Tekst: Ivana Rončević Elezović, museum advisor of the National Museum of Modern Art © National Museum of Modern Art, Zagreb 2022
Translated by: Robertina Tomić
Photo: Goran Vranić © National Museum of Modern Art, Zagreb 2022

Miroslav Kraljević, Golgotha, 1912

Miroslav Kraljević
Golgotha, 1912
oil on canvas: 72.1 x 115.3 cm

In his Golgotha from 1912, Miroslav Kraljević situates the main motif of the Crucifixion deep within the scene, highlighting the contorted body of Christ with just a light accent. The foreground is dominated by the deformed figures of soldiers hunched over a game of dice, and the upright Longinus leaning against a lance. The expressiveness of the composition, the ominously bare ambience and the strong colour symbolism make this one of the seminal paintings in Kraljević’s Parisian oeuvre, but also for a new generation of painters that was just being formed in Zagreb.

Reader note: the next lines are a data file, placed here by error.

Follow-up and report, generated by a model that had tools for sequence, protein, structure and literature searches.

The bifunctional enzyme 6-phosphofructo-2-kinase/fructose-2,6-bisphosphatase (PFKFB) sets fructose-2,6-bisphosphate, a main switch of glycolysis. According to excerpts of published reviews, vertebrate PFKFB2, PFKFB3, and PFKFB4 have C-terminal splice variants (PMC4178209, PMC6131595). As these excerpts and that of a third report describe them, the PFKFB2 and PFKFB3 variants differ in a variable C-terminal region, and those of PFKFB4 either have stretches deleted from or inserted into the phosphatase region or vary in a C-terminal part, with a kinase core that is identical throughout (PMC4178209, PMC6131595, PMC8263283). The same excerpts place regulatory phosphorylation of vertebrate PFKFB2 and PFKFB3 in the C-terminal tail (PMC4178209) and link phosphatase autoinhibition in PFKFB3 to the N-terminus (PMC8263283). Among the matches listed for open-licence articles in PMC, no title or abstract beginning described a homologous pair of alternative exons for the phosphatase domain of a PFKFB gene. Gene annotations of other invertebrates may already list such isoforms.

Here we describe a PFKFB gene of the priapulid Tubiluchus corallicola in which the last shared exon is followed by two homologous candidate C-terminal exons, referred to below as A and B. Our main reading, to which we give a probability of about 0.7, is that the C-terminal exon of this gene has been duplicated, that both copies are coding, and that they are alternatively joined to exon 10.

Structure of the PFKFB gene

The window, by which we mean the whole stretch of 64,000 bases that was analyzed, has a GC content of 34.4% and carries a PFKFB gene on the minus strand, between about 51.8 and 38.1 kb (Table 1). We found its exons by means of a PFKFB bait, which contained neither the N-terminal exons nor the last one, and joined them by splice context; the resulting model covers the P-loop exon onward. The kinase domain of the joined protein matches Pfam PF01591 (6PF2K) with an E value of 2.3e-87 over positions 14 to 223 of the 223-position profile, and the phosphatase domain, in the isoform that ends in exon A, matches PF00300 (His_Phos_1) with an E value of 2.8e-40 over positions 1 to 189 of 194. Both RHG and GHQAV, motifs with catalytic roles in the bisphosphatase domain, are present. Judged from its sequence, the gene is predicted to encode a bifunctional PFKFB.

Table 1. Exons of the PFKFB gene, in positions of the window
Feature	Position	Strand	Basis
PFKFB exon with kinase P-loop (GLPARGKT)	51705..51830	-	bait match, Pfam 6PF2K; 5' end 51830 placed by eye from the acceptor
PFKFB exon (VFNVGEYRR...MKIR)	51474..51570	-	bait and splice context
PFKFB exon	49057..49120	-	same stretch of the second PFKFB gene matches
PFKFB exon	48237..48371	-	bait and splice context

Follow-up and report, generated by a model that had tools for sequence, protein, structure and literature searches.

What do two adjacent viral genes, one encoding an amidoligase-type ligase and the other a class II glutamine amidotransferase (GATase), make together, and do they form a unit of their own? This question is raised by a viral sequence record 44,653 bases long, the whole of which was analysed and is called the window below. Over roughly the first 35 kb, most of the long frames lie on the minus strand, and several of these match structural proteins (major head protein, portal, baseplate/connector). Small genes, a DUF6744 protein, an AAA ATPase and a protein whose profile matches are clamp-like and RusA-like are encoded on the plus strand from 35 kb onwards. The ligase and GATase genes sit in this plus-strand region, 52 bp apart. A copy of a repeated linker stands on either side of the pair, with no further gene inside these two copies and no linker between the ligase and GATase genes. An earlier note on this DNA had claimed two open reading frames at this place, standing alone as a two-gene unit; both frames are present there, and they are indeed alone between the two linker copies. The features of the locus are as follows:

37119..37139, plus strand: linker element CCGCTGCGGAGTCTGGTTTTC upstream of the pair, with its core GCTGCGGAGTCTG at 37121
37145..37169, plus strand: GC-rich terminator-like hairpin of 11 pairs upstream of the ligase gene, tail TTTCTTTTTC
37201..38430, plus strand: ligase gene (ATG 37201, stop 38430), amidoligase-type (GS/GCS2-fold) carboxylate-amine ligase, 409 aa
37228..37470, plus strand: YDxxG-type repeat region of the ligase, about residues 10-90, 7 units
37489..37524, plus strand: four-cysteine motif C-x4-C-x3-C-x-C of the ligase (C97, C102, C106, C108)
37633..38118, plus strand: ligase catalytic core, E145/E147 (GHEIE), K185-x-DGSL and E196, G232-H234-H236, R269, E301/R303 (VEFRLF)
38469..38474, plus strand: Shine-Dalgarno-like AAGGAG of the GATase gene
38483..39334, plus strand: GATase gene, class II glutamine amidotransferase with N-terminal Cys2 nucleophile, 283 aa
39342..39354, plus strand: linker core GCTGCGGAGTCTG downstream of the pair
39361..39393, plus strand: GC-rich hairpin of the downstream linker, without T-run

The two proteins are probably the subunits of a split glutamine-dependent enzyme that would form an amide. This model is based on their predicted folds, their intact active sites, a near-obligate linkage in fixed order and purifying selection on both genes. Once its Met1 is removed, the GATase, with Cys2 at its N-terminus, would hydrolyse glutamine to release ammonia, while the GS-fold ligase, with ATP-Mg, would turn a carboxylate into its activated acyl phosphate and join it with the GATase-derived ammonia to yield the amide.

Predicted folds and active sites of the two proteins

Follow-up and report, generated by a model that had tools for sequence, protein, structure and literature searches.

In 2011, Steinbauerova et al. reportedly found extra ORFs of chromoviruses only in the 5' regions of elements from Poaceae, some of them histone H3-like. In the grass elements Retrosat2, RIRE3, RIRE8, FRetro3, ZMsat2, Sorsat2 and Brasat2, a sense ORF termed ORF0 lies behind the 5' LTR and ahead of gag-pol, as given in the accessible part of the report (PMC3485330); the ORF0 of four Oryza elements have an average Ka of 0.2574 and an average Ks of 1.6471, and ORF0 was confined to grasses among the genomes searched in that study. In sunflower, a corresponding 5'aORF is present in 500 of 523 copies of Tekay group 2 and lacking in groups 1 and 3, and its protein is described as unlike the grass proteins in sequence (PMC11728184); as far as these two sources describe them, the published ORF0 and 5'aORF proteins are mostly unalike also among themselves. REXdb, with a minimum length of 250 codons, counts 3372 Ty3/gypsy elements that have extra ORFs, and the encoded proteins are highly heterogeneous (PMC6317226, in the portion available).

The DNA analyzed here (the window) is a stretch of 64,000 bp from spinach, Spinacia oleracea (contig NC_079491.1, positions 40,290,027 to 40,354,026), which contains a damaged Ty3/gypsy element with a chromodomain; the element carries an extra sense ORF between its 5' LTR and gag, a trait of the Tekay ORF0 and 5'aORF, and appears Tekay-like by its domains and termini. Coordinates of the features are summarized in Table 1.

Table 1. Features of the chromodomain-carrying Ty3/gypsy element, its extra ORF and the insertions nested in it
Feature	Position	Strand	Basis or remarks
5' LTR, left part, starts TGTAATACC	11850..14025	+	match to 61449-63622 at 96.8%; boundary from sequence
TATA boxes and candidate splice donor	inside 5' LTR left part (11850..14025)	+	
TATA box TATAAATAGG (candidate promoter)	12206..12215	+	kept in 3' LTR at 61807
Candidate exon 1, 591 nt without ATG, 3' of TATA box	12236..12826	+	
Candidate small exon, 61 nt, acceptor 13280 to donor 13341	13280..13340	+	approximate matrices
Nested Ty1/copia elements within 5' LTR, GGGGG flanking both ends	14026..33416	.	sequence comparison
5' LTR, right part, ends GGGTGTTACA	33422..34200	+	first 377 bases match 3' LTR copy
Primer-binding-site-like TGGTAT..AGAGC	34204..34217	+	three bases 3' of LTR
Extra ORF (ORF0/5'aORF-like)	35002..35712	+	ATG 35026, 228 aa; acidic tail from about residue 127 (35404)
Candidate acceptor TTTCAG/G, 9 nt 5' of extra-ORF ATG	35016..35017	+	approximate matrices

Miroslav Kraljević hails from a wealthy noble family in Slavonia, who soon after starting his law studies in Vienna decided to switch and study painting in Munich instead. From 1905 to 1910, Josip Račić, Vladimir Becić and Oskar Herman had also been students at the Academy in Munich in the class of Professor Hugo Habermann. What connects painters of this Munich Circle are primarily their orientations towards European modernity, similar starting points and role models. After having graduated from the Munich Academy, Kraljević returned to Požega in 1910. He painted intensively and after having received excellent reviews he moved to Paris in 1911. In Paris he merged all previous artistic experiences with bold exploration of new ideas and styles, and created a number of excellent portraits, self-portraits, genre scenes and vedute. Not even a year later, seriously illness forced him to return home. Having created an oeuvre of the utmost importance for the development of our modern painting, Kraljević died of tuberculosis in Zagreb in 1913, not even 28 years old

Text: Lada Bošnjak Velagić, senior curator of the National Museum of Modern Art © National Museum of Modern Art, Zagreb, 2022
Translated by: Robertina Tomić
Photo: Goran Vranić © National Museum of Modern Art, Zagreb, 2022